Urban Planner is Torontoist’s guide to what’s on in Toronto, published every weekday morning, and in a weekend edition Friday afternoons. If you have an event you’d like considered, email all of its details—as well as images, if you’ve got any—to [email protected].
This photograph by Raina Kirn was inspired by a drawing by nineteen-year-old Bolivian street youth Maria del Carmen and will be part of tonight’s Drawn to Develop gala.
Today, Jennifer Bonnell illuminates the history of the Don River Valley, the Drawn to Develop gala gleans inspiration from street youth, Coach House Books debuts its fall catalogue, and the MFA party launches a new novel, film, and album.
HISTORY: In the mid-nineteenth century, as the Don River Valley became an industrial hub, it also became a place of refuge for some of Toronto’s less “desirable” classes—squatters, homeless people, and Roma travellers would often camp out there. Tonight, as part of a special history series offered by the Toronto Public Library, Jennifer Bonnell, an environmental historian and co-creator of the Don Valley Historical Mapping Project, will speak about the legacy of prisons, pollution, and homelessness in the valley. Bendale Branch (1515 Danforth Road), 7 p.m., FREE.
PHOTOGRAPHY: Every year, the Drawn to Develop gala presents a unique collaboration between a group of top photographers and young street survivors from around the world. Thirty-six photographs have been created, each inspired by a street youth’s drawing. The youth themselves hail from Bolivia, Ethiopia, Kenya, and Nepal, and the photographer roster includes Caitlin Cronenberg, Tommy Matejka, and Shanghoon. Tonight’s gala will be DJ’d by Tim Fletcher and Liam O’Neil of The Stills, and all proceeds will go to Street Kids International. Fermenting Cellar, Distillery District (55 Mill Street), 7:30 p.m., $75.
WORDS: Coach House Books, one of Canada’s most beloved small presses, having recovered from its Wayzgoose, will launch its fall catalogue tonight at Revival. There are some exciting titles on the roster, including poetry from Jon Paul Fiorentino, Gary Barwin, and Jonathan Ball, as well as new fiction from Gail Scott and a debut novel by Dorothy Ellen Palmer. All of these literary luminaries will be reading at tonight’s launch (Ball via video-conferencing), and there’s no charge to get in. Revival (783 College Street), 8 p.m., FREE.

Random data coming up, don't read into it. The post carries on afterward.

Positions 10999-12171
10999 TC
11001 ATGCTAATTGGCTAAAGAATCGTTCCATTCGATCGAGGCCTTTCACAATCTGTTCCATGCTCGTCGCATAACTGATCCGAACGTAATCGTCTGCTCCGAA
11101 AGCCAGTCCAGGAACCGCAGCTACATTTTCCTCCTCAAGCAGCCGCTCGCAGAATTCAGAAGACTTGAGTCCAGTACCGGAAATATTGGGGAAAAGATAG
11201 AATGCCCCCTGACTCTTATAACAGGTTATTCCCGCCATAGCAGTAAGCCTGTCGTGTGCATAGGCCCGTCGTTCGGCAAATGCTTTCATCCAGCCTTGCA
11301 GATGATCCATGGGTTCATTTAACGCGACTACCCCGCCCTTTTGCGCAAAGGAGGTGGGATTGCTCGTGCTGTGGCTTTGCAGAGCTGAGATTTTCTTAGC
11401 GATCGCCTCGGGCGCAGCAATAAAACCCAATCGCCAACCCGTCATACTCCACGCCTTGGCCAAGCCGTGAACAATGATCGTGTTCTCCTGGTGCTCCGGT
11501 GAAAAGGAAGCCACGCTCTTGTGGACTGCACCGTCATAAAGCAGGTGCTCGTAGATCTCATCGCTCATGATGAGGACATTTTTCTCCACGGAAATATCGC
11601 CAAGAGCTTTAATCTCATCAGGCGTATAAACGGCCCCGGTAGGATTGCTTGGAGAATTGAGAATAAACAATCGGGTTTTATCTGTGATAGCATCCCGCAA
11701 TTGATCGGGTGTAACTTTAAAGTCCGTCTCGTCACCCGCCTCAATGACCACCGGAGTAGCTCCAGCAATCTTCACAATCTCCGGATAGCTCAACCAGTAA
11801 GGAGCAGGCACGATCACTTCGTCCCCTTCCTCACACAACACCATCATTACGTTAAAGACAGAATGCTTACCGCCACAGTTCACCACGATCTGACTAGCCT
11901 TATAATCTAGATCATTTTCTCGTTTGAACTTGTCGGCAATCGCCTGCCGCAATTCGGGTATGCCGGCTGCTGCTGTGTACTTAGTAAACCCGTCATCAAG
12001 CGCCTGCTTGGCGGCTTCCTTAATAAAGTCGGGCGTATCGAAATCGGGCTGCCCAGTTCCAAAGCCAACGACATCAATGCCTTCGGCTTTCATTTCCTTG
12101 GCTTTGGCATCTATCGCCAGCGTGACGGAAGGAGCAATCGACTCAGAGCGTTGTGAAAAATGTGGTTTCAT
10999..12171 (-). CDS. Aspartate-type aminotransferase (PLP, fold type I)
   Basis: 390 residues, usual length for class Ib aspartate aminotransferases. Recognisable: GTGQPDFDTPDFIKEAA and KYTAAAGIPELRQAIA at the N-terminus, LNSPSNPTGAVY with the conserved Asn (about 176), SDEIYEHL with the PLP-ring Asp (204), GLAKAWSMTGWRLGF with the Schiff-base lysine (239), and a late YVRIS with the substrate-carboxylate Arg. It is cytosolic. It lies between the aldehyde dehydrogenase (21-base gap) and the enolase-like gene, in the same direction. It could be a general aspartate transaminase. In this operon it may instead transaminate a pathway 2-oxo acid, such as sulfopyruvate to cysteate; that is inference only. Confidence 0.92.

PARTY: The worlds of film, words, and music collide tonight at MFA, the ultimate multidisciplinary release party. On this momentous occasion, Trampoline Hall creator Sheila Heti will read from her new book, How Should A Person Be?, which is based on interviews with friends, including painter Margaux Williamson. Williamson, for her part, will screen clips from Teenager Hamlet, her film in which she, along with Heti, follow strangers—identified as Hamlets and Ophelias—through their neighbourhood. Finally, to commemorate the release of their first album, Don’t Go to School, kooky performance-art popsters Tomboyfriend will perform. For those who attend both MFA and the Coach House Books launch, passports will be available to get discounts on both Anansi and Coach House titles. Stone’s Place (1255 Queen Street West), 8 p.m., FREE.
This article originally and mistakenly indicated that drinks were going to be free at tonight’s Coach House event. In fact, it is admission that is free—drinks will be available at a cash bar.